Objective D: Conduct an outreach program that will reach Tribal members and leaseholders, as well as the broader agricultural community, with information about the demonstration project and sustainable agriculture.
Regular coverage on the project progress has been obtained in the Shoshone-Bannock News (newspaper on the Fort Hall Indian Reservation), the Fort Hall Extension Newsletter and area newspapers. In addition, a field day was held for leaseholders and the community when the green manures were growing on the demonstration field. Presentations have been given for the past two years at Shoshone-Bannock Tribes’ annual leaseholders meeting. A brochure and poster were developed and presentations were given at district meetings on the Reservation to share information about the demonstration project with Tribal members.
Objective E: Continue to identify potato farmers on and off the Reservation that are utilizing sustainable practices and highlight those practices.
Farmers utilizing sustainable practices on and off the Reservation were interviewed and highlighted in The Farmer Exchange newsletter. Two issues a year were produced in 2000, 2001 and 2003. The Farmer Exchange has reached a broader audience beyond the project mailing list through collaborations with potato industry leaders. Potato Growers of Idaho (PGI) reprinted an issue of The Farmer Exchange in its October 2003 bulletin to Idaho’s 600 potato growers and PGI has expressed interest in reprinting others.
Objective F: Secure continued funding for the Shoshone-Bannock Tribes’ sustainable agriculture demonstration project.
Several proposals have been submitted. The demonstration project has been funded through the end of 2004 with an Environmental Protection Agency Regional Geographic Initiative Grant.
The participating producer who farms the demonstration project decided to forego metam sodium treatment on half of his 2004 potato acres (representing approximately 1700 acres). The participating producer manages one farm in an operation with 15,000 acres. Other farm managers in this operation have modified practices and one planted a mustard green manure on 150 acres.
A survey of leaseholders attending the annual leaseholder meeting showed a growing interest in green manures. Over three-fourths of the leaseholders had considered growing a green manure crop and a quarter had previously grown a green manure crop. Prior to 2003, 615 acres were planted to green manures. Leaseholders are planning to plant over 2000 acres with green manures in 2004 and at this time 670 acres are to be planted in 2005. If the leaseholders replace metam sodium treatment on the 2000 acres with a green manure crop, this would represent a reduction of 260,000 lbs of pesticides used on the Reservation.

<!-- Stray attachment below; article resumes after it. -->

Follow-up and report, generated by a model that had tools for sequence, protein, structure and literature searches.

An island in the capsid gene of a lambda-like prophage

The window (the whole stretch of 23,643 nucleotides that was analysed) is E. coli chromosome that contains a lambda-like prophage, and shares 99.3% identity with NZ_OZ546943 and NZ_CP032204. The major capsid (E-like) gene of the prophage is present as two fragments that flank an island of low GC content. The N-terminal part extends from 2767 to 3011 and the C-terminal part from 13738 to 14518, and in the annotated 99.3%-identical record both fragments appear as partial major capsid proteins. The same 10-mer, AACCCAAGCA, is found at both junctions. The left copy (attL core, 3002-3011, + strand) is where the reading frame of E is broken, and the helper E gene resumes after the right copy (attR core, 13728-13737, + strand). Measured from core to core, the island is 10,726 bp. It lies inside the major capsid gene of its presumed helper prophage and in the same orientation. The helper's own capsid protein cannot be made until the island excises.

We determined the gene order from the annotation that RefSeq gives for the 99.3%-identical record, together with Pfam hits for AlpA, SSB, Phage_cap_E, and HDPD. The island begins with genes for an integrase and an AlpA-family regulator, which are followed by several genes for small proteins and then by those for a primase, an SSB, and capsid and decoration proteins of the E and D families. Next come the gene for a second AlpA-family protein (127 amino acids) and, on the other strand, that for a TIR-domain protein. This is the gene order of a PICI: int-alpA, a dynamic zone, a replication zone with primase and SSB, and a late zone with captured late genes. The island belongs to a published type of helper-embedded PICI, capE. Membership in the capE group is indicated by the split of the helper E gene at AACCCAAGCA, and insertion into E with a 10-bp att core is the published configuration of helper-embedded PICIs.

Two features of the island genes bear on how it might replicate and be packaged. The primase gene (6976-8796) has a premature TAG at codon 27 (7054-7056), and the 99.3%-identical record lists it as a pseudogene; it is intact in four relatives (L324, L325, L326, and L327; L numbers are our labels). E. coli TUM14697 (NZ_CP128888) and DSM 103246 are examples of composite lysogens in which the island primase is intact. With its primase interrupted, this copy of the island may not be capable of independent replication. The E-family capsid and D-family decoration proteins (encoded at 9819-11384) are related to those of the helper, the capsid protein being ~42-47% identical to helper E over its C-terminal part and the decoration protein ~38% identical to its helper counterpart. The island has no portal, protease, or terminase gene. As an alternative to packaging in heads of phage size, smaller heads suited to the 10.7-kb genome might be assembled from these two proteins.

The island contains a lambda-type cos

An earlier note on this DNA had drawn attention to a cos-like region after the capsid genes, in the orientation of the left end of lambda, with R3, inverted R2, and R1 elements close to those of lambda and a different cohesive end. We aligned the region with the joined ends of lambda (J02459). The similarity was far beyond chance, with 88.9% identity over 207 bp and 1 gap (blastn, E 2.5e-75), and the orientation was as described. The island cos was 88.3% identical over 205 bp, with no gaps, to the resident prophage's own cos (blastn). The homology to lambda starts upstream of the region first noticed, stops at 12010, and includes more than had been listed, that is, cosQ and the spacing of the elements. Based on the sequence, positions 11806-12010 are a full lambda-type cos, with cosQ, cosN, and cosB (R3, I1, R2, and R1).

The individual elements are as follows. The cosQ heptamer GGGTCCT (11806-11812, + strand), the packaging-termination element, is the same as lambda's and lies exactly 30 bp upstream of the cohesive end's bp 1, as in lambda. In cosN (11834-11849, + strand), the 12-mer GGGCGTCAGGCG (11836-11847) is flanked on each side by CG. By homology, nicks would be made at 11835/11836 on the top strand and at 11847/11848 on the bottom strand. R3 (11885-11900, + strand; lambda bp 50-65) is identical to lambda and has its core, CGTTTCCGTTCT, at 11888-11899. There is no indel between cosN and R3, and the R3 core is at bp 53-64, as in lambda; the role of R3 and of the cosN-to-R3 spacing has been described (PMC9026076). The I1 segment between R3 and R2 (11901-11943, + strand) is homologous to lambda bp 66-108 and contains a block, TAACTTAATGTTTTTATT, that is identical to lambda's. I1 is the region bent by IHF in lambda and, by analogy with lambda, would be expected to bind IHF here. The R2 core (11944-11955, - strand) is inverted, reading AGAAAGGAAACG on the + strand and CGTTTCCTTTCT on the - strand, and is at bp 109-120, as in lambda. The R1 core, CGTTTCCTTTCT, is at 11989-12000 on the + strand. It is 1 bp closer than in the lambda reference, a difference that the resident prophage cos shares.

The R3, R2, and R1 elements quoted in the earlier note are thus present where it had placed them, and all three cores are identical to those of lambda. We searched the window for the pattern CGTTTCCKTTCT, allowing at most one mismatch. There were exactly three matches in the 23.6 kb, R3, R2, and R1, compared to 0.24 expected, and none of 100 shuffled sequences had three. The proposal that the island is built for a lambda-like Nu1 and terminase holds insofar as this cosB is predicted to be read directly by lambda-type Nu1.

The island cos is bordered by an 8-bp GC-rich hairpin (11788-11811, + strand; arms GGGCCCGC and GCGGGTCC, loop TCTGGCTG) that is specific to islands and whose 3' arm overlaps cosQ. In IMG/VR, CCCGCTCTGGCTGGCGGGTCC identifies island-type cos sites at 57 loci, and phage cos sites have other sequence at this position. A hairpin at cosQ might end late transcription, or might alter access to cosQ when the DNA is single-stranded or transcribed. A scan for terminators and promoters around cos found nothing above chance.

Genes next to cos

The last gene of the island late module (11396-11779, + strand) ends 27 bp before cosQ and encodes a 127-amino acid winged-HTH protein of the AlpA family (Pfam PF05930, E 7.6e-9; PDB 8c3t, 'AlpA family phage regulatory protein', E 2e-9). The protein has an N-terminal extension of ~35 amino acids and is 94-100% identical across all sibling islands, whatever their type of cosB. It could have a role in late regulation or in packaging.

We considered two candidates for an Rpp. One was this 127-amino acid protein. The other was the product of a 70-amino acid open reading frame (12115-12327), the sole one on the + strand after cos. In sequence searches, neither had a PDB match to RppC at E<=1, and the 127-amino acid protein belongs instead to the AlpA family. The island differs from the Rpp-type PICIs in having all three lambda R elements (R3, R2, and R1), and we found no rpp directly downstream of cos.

Due to the results of the demonstration project, the Shoshone-Bannock Land Use Commission is currently working with leaseholders to implement the alternative crop rotation.
It is expected that in the future there will be an increase in soil biological sampling on the Reservation and subsequent reduction of metam sodium use based upon the information provided by the sampling. It is also expected that the number of fields planted to green manures on the Reservation will increase.
Education and Outreach
“Potato Possibilities” project brochure – Sept 2002
“Mustard and Radish Green Manure Use in a Wheat-Potato Rotation” project final report – Dec 2004
“Improving Farm Balance and Performance Leads to Radish Experiment” in The Farmer Exchange volume 5 – Summer 2001
“Stewardship passion drives Shoshone farmer to innovate” in The Farmer Exchange volume 6 – Fall 2001
“Marketing Crucial for Middleton Area Herb Farm” in The Farmer Exchange volume 7 – Summer 2002
“Knowledge is Power for Blackfoot Area Potato Farmer” in The Farmer Exchange volume 8 – Winter 2002
“Compost Tea: Restoring Soil Life” in The Farmer Exchange volume 9 – Summer 2003
“An Exploration into Eco-labeling” in The Farmer Exchange volume 10 – Fall 2003
A field day was held for leaseholders, area farmers, agricultural professionals and Tribal members in October of 2002 when the green manure crops were growing on the demonstration field. Presentations on green manures and the demonstration project have been given for the past two years at the Shoshone-Bannock Tribes’ annual leaseholders meeting. A brochure and poster were developed and presentations were given at district meetings on the Reservation to share information about the demonstration project with Tribal members. A presentation on the project findings was also given to regional tribes at the Northwest Intertribal Agricultural Council Conference in March 2004.
Education and Outreach Outcomes
Areas needing additional study
From this demonstration project, questions emerged regarding the input requirements to grow the green manure crops. Of particular concern are the water requirements, fertilizer levels and need for control of volunteer wheat. The long-term goal of this work is to develop a low-input alternative crop rotation on the Reservation. Questions on input use need to be addressed.